“The intent is to be able to explore the integration of man and machine at this point of clinical care, taking some of the data historically and using that data to actually create information in the machine so that we can see into the future what’s happening with patients before the human has the idea that there are changes taking place,” said Dr. Keith Dreyer, vice chairman and associate professor of radiology at Mass General and Harvard Medical School and executive director of the Mass General Clinical Data Science Center.

Radiology and Medical Imaging

DGX-1 also promises to help accelerate the adoption of AI in fields where machine learning techniques have already made a difference, such as radiology and medical imaging.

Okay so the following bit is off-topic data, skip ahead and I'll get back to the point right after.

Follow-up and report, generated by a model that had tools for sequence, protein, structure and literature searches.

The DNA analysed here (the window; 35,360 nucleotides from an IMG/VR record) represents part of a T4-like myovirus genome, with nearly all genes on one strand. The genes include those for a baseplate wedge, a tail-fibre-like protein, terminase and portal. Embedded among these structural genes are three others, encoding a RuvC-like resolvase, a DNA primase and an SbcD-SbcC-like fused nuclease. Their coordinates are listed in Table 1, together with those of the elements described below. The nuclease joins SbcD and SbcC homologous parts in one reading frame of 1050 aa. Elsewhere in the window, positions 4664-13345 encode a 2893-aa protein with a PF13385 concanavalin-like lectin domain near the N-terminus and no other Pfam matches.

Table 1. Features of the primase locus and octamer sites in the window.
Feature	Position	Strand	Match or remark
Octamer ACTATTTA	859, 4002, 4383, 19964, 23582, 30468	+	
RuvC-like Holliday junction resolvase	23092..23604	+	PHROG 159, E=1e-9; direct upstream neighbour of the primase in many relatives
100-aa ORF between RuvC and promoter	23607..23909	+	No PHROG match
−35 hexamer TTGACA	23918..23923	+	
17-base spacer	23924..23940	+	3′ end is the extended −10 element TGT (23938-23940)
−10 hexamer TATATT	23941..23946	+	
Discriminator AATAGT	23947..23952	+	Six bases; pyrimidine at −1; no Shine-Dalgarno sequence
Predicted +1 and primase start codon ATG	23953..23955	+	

“The importance of machine learning and machine learning for radiology is unquestioned,” said Dr. James Brink, head of radiology at Mass General and chair of the American College of Radiologists. “I think there’s an enormous amount of opportunity for us to improve the efficiency of our work and the accuracy of our work through automation and semi-automation.”

Work with Patients

Longer term, deep learning also promises to help deliver better care for today’s patients by letting doctors better use the flood of medical research and patient data being produced by Mass General and other medical centers.

“I see deep learning and other machine learning techniques that could help us on a day-to-day basis make the process more efficient and in essence even more accurate,” said Dr. Long Li, assistant in pathology at Mass General and an assistant professor of pathology at Harvard Medical School.

Sounds like just what the doctor ordered.

Learn more about the DGX-1. Questions? Request a call.

The post Man, Machine and Medicine: Mass General Researchers Using AI appeared first on The Official NVIDIA Blog.